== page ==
SBA OHA: For Calculating Receipts, Look to Tax Returns

To calculate a company’s size under a receipts-based NAICS code, the SBA will add the company’s total income to its costs of goods sold, as those amounts are reported on its tax returns. In fact, the SBA’s regulations are clear that it must use these reported amounts to determine a company’s size status.

What happens, then, when a company’s taxes show “income” that might not really reflect money in the company’s accounts? The SBA’s Office of Hearings and Appeals recently considered this question, and affirmed a company’s ineligibility based on the income reported in its tax returns.

In Kingfisher Systems, Inc., SBA No. SIZ-6003 (2019), Kingfisher appealed a determination that found it to be an ineligible large business under NAICS code 541512’s $27.5 million size standard. In response to the size protest, Kingfisher argued that its average annual receipts fell below the size standard, based on the “total revenue” that it independently calculated.

Finding Kingfisher to be an ineligible large business, the SBA Area Office noted that Kingfisher’s revenue calculation was incorrect. Rather than adding its total income and costs of goods sold (as reported on its tax returns), Kingfisher instead listed only its gross receipts or sales (IRS Form 1120 line 1a). Under the correct calculation, however, Kingfisher’s receipts exceeded the applicable size standard.

Kingfisher appealed the Area Office’s determination, arguing that “the Area Office had good reason to believe the general rule that receipts is total income may not apply in this specific case.” Kingfisher believed this to be the case because, for one of the years in question, it reported a reduction in purchase price of certain assets, and an associated depreciation reversal, as revenue. Because this was less an actual receipt and more a tax reporting correction, Kingfisher argued that these amounts should have been excluded from the calculation of its receipts.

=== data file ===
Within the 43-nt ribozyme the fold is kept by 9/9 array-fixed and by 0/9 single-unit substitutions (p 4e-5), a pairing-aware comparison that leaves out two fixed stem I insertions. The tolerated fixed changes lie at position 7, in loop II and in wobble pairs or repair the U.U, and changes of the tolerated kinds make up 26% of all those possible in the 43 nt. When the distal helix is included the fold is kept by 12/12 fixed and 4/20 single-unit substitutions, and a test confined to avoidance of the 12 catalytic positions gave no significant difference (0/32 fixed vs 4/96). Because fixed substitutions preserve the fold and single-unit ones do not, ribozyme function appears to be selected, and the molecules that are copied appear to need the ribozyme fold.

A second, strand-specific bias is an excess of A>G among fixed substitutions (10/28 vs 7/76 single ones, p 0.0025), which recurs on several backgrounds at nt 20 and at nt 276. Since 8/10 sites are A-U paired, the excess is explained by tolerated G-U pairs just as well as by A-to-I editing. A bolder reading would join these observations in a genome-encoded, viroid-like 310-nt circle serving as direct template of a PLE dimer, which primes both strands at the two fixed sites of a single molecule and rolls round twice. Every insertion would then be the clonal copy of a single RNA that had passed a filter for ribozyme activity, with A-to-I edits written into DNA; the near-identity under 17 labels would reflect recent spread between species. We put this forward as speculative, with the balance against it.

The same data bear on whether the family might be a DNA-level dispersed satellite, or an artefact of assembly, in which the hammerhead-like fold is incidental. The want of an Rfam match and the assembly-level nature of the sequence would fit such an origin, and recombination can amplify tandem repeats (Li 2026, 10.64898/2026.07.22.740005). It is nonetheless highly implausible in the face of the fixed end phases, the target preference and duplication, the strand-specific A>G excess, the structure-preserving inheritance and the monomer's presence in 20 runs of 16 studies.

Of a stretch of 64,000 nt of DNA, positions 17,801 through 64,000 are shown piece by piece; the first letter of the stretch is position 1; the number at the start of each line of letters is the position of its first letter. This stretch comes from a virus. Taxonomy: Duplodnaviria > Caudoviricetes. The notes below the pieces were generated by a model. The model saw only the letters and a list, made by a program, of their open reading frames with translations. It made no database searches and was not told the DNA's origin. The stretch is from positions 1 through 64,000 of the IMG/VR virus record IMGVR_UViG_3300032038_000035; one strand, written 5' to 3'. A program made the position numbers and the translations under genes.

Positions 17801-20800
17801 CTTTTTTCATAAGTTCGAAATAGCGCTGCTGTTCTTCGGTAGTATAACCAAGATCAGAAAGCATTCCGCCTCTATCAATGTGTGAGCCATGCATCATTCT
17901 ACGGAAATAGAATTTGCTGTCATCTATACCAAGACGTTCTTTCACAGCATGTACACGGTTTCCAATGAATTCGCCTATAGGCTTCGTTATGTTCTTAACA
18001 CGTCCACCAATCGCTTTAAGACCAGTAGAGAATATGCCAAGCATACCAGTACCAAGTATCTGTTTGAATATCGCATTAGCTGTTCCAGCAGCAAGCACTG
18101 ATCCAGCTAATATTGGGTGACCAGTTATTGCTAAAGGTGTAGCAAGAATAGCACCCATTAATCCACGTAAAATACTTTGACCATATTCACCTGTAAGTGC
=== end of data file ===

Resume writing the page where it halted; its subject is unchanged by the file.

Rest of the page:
The OHA rejected this argument. Doing so, it drew an analogy to the regulations’ defined exclusions from the receipts calculation. In an instance where a company seeks to exclude, say, an inter-affiliate transaction from the receipts calculation, the OHA noted that the company is responsible for demonstrating the exclusion applies—“it is unrealistic and unduly burdensome,” the OHA noted, “to expect the Area Office, on its own initiative,” to apply the exclusion.

Kingfisher’s initial response to the SBA did not argue that any of the reported amounts on its tax returns should be excluded from the receipts calculation. Instead, it simply provided its own calculation, without explanation. Absent any such argument or explanation, the OHA concluded that the Area Office correctly applied the receipts calculation as defined in the regulations. The OHA thus denied Kingfisher’s appeal.


Kingfisher is an important reminder of how the SBA will calculate a firm’s average annual receipts. So what’s a company to do if it believes its tax returns include amounts that should be excluded from the calculation?

First, before any size protest or challenge, a company should explain to its accountant the importance of its small business designation and how the SBA calculates size. The company’s accountant can then determine whether there’s any way to legally and accurately report amounts as other than total income or costs of goods sold.  

Second, a response to a size protest should include all arguments explaining why the company is a small business. This can be tricky, given the often-complicated issues involved and the short response deadline. But as the OHA made clear in Kingfisher, an Area Office won’t be faulted for not considering arguments that weren’t raised by a protester.

If you have any question about calculating your company’s size, or responding to a size protest, please give me a call.